Geotextiles and Geogrids - an Overview

Published On : May 19, 2014 | Category : Chemicals & Materials

Geotextiles and geogrids find applications in a variety of civil construction activities. In a variety of cases, these materials eliminate the need for the traditional aggregate construction materials and provide various economic and environmental benefits.  

Geotextiles and geogrids are especially important for difficult regions (construction-wise) that are characterized by lands mostly covered by soil, lands that have soft subgrades or the ones that have sloping grounds. Such regions pose difficulties for various activities such as stabilization, reinforcement, draining, and isolation of grounds during construction. Geotextiles and geogrids provide stability and the desired aesthetics to such lands and make them fit for any construction activity and also help in extending their performance life.  

Geotextiles and Geogrids help in saving millions of dollars every year by reducing the cost of repairing and reconstruction activities and enhancing the performance and tensile strength of many important civil engineering projects such as roadways, railways, etc.  

 These substances are easy for installation as well as very easy to work with. So, there are many application areas where the demand of these substances is huge and also essential in many ways. 


Geotextiles are basically of three types – Woven, non woven and high strength woven. Geotextiles are indeed textiles in the generic sense, but are made from synthetic fibers such as polypropylene, polyethylene, polyester and polyamide rather than from natural fibers such as cotton, wool or silk. Thus, geotextiles do not degrade biologically, as other textiles made from natural fibers do. 

These synthetic fibers are transformed into a permeable, flexible fabric by weaving them using standard weaving machinery or are matted together in a nonwoven, random manner. Some of these fabrics are also knit. 

Geotextiles have at least 80 definite application areas; however, these fabrics almost always perform at least one of the following five discrete functions:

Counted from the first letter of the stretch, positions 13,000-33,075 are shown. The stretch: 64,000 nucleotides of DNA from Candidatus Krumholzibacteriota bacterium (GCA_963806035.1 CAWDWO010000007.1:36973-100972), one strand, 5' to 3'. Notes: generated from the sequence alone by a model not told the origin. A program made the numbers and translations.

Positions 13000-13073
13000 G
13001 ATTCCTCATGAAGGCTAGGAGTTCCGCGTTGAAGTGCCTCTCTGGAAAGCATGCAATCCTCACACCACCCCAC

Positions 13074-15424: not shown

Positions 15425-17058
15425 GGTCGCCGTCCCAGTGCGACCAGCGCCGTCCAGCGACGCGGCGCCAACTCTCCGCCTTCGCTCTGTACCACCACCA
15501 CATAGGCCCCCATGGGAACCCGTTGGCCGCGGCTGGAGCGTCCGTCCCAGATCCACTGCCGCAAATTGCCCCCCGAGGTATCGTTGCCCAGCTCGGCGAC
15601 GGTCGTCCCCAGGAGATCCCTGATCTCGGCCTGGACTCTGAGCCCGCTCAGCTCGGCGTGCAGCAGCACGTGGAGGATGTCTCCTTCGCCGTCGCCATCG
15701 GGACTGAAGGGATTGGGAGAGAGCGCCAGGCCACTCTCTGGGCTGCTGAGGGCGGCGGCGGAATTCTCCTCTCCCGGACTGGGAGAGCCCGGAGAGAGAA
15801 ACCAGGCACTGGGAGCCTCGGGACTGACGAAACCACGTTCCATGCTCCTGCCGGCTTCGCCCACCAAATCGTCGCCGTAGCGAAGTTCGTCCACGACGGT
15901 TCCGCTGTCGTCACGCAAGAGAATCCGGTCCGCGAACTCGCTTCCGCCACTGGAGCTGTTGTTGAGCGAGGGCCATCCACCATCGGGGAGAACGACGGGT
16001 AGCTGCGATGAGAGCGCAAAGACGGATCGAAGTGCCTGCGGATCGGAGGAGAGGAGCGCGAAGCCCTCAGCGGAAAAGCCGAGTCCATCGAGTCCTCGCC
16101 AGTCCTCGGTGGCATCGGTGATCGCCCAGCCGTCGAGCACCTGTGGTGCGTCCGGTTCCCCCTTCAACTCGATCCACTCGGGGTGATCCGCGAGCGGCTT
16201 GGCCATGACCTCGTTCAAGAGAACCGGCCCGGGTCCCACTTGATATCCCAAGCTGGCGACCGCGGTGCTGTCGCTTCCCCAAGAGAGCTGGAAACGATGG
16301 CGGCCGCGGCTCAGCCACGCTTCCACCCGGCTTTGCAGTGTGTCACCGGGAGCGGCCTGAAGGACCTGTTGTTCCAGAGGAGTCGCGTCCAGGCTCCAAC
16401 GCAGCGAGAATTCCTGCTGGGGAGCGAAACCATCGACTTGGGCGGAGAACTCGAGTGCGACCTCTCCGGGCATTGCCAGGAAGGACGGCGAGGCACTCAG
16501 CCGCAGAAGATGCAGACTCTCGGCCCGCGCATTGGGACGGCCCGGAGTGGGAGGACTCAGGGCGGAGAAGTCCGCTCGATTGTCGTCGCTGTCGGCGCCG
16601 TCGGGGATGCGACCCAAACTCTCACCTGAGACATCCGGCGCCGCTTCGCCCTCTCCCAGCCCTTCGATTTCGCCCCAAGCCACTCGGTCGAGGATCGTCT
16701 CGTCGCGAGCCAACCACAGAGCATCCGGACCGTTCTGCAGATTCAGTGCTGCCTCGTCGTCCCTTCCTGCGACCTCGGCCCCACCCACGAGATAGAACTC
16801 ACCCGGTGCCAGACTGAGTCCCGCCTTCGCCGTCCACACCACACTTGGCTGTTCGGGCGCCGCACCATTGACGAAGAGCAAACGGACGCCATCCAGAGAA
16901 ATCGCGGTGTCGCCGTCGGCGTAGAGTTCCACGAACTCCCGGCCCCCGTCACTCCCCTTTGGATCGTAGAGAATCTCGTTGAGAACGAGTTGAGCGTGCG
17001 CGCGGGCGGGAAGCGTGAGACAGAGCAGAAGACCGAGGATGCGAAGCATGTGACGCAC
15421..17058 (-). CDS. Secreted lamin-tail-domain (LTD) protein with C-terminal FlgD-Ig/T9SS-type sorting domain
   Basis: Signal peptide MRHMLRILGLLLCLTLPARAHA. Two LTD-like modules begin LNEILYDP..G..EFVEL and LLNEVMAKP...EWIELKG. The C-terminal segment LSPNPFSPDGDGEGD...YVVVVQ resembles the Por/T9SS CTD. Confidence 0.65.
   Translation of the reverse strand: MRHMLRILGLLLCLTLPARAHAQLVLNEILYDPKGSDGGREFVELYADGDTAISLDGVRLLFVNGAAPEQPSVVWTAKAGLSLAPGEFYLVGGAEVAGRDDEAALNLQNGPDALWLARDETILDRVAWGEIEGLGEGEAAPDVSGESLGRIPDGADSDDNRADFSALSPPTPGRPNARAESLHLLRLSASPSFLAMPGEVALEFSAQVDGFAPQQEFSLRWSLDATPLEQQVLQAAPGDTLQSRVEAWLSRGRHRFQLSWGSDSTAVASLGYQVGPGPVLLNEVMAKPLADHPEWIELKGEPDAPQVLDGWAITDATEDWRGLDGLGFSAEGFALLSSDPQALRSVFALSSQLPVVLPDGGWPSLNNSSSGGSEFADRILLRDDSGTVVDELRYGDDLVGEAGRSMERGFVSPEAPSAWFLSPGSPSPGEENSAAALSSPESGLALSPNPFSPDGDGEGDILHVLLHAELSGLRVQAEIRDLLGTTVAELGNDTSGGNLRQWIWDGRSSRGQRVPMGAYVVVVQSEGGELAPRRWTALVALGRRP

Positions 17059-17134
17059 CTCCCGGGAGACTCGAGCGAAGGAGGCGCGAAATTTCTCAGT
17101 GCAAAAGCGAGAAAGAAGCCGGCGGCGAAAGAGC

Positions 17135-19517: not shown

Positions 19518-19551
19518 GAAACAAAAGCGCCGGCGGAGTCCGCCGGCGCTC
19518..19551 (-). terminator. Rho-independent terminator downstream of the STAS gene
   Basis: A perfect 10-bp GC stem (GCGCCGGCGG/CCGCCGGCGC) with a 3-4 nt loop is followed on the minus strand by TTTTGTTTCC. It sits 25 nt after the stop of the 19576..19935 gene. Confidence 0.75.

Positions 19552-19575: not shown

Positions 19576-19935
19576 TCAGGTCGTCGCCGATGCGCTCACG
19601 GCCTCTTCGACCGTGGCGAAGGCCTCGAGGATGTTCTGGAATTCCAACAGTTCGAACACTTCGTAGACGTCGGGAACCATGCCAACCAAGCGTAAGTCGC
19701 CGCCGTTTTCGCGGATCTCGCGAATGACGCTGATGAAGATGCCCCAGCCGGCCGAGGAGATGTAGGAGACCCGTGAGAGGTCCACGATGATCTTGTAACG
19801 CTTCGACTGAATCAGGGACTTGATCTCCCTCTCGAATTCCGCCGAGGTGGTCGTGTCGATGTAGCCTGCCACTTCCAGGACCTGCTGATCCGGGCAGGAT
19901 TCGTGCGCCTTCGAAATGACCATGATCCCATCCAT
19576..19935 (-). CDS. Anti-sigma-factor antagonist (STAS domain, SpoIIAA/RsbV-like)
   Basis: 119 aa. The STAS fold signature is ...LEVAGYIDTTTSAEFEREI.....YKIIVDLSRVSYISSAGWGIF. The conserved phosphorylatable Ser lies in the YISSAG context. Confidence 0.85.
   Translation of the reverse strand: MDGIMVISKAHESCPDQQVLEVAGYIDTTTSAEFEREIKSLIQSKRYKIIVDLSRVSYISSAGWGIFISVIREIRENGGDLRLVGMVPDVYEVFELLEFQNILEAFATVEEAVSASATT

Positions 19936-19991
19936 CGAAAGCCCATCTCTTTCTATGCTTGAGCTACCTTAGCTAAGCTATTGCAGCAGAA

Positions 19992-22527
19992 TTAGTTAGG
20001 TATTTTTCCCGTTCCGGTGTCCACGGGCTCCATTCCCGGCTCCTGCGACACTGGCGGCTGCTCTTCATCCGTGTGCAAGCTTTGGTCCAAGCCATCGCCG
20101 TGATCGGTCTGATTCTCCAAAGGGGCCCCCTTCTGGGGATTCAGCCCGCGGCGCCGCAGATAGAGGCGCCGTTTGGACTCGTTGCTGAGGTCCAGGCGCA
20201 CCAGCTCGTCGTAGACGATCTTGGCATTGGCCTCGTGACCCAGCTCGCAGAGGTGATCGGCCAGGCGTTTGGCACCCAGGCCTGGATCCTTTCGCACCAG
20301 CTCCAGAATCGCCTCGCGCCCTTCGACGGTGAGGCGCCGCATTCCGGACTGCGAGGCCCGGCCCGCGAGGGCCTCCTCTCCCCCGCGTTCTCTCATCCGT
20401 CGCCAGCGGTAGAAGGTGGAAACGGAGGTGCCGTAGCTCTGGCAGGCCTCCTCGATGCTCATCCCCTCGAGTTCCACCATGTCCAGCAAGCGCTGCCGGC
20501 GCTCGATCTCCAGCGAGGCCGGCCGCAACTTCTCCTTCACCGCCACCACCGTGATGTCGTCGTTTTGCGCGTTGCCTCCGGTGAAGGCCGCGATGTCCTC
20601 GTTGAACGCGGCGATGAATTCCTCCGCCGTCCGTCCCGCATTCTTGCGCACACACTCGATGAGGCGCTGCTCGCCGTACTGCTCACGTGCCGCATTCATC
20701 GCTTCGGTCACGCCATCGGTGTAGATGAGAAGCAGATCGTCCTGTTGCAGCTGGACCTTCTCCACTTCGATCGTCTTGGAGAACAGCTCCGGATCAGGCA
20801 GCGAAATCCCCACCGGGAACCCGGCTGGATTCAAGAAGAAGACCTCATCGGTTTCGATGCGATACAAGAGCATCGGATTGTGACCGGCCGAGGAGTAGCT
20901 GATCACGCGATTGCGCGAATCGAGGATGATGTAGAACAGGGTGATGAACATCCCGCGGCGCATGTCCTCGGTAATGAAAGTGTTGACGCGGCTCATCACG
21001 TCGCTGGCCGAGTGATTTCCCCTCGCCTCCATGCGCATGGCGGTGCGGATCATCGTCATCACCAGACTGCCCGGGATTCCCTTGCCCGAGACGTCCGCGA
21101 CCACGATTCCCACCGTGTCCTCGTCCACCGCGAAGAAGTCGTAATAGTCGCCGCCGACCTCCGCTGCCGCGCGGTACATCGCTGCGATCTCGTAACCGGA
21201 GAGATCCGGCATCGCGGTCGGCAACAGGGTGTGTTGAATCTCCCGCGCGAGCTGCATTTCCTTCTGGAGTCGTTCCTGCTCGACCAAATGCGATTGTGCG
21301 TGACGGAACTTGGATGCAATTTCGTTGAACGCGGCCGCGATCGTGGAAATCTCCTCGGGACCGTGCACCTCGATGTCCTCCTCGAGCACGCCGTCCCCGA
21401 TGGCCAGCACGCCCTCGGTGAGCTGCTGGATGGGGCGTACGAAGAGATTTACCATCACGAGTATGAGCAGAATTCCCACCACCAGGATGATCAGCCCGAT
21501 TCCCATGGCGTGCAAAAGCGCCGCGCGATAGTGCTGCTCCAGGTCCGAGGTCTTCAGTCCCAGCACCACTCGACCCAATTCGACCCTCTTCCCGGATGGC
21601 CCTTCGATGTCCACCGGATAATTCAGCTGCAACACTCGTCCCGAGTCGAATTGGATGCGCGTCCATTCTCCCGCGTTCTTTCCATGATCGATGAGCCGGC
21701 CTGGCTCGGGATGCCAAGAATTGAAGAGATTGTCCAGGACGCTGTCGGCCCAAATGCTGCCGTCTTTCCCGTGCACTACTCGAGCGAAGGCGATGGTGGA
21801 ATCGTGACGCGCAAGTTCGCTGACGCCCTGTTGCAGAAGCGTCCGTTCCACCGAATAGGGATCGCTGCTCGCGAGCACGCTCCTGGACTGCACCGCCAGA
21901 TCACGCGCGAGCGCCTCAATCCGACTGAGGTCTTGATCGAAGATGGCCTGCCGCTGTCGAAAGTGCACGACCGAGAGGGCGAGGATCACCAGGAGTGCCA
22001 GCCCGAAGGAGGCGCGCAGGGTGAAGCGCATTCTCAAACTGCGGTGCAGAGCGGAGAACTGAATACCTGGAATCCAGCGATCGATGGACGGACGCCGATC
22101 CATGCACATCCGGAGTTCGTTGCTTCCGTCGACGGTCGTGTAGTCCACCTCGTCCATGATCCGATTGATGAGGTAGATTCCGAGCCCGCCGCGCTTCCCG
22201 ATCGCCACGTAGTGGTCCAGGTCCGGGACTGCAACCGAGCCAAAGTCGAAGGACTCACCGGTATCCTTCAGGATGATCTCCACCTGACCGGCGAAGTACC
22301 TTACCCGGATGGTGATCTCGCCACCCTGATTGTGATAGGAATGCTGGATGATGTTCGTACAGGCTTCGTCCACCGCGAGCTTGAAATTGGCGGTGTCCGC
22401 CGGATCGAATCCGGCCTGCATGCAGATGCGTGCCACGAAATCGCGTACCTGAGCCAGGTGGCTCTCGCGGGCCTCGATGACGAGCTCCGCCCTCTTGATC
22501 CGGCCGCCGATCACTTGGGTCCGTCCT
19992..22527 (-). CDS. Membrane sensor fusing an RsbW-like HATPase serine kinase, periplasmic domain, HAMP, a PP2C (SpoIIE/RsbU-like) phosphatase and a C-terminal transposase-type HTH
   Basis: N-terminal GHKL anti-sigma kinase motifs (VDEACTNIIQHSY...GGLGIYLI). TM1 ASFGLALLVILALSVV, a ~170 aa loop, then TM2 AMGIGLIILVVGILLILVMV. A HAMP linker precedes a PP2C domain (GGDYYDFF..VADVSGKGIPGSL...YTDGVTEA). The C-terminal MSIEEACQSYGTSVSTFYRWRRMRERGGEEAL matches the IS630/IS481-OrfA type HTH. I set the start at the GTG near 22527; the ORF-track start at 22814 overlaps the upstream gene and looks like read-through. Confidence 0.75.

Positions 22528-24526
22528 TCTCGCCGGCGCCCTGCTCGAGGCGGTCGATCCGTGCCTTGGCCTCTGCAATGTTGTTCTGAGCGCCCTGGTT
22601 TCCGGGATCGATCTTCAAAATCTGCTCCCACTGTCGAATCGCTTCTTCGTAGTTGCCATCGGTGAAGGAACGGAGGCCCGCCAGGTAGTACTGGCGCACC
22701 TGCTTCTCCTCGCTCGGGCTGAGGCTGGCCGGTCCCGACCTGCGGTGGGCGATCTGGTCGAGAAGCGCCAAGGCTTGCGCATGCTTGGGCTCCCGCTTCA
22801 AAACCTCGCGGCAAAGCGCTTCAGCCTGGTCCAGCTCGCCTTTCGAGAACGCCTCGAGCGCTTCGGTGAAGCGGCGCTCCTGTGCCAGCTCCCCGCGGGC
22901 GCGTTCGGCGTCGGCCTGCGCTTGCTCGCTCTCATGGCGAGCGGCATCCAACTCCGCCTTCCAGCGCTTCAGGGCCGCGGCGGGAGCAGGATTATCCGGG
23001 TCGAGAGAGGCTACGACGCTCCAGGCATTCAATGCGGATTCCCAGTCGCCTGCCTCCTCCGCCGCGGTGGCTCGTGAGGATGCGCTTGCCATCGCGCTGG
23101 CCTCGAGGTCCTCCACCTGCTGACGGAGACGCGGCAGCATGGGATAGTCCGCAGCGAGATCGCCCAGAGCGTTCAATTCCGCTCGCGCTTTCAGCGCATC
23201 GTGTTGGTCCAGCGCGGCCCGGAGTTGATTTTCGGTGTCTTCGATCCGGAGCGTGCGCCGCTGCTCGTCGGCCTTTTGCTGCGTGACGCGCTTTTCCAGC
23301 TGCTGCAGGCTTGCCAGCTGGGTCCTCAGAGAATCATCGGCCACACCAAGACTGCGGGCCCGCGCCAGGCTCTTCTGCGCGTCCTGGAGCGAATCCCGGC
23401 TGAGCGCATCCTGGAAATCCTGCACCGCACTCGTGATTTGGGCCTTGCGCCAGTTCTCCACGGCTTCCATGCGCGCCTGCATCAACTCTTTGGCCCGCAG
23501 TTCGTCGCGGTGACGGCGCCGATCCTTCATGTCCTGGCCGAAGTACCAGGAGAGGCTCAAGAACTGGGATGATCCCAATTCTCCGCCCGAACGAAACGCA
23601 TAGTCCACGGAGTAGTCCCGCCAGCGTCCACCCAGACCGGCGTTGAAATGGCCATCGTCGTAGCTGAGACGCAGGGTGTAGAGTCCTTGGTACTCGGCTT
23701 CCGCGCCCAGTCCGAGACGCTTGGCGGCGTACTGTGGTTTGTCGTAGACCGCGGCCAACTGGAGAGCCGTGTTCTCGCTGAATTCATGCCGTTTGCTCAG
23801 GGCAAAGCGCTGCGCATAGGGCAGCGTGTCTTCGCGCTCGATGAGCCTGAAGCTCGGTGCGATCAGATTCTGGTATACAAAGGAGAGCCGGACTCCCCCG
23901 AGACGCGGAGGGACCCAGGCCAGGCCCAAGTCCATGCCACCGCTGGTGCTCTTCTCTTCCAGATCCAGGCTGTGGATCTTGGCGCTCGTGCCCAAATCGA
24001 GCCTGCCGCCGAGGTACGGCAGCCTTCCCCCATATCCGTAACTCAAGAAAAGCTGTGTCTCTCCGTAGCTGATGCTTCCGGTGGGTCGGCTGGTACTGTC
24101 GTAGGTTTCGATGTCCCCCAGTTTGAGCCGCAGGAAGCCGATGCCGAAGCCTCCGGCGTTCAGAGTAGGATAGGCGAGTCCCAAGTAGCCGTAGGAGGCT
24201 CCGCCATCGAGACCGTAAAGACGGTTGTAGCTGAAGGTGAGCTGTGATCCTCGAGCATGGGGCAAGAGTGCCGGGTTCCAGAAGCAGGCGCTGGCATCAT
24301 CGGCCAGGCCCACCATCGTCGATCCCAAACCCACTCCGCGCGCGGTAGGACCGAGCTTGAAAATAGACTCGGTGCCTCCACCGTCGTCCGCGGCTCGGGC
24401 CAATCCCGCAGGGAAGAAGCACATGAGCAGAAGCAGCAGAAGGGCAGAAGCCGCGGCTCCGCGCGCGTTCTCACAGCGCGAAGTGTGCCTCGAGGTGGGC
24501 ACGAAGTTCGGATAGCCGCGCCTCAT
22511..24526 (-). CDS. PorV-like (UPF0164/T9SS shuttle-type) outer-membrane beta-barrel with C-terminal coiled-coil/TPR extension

• Drainage: Geotextiles provide ways to gather the surplus water or rainwater in the soil, which is not functionally required by the structure, and discharge it. 
  • Filtration: Once drainage water is collected from a region, a proper interface between the drain and the surrounding soils is essential. A proper filtration is provided by geotextiles. 
  • Separation: geotextiles prevent the mixing between different layers of soils that may have different particle sizes or properties. 
  • Reinforcement: the high tensile strengths and high soil-fabric friction factor of geotextiles allow their use in  reinforcing earth structures. 
  • Protection: erosion of lands due to many reasons such as water currents, wave actions, and repeated drawdown make lands weaker. So, the use of mattress structures or rock beaching is very essential in erodible lands. Beneath the mattress structures and rock beaching, a layer of geotextiles is generally provided to add extra strength.  

Geogrids are a distinct category of geosynthetics that are especially designed for the reinforcement of a land. These products feature arrays of large apertures that are uniformly distributed throughout the structure. The apertures refer to the openings between the transverse and longitudinal elements of the structure and are functionally very essential to geogrids’ design. These apertures allow soil particles on either sides of the structure to come in direct contact with each other, thus improving the interaction between the geogrid and the surrounding soils. 

Geogrids are broadly divided into two types: 
  • Multifilament, high tenacity polyester yarns, woven in a stable network and coated with PVC material. 
  • Grids of extruded polypropylene, made by combining two and three biaxially oriented layers of highly tensile polypropylene material. 
Geogrids perform functions such as:
  • Stabilization: when the base material of a land is compressed over geogrids, the base material is sealed, locking the aggregate structure together in a rigid way, thus allowing stabilization of soils. 
  • Confinement and base reinforcement: geogrids keep the fill material undisturbed at its original position and allows for interlocking of the base. 
  • Stress transfer: geogrids distribute the loads applied upon them over a larger area and tghus reduce the vertical pressure on the underlying structures. 

Use of Geotextiles and Geogrids in civil construction projects provides numerous benefits by improving sub grade performance of the land. These substances are found to improve subsurface filtration and drainage, maintain structural base, reinforce the soils, aid in controlling soil erosion and sedimentation, stabilize railways and roadways and enhance various containment projects. 

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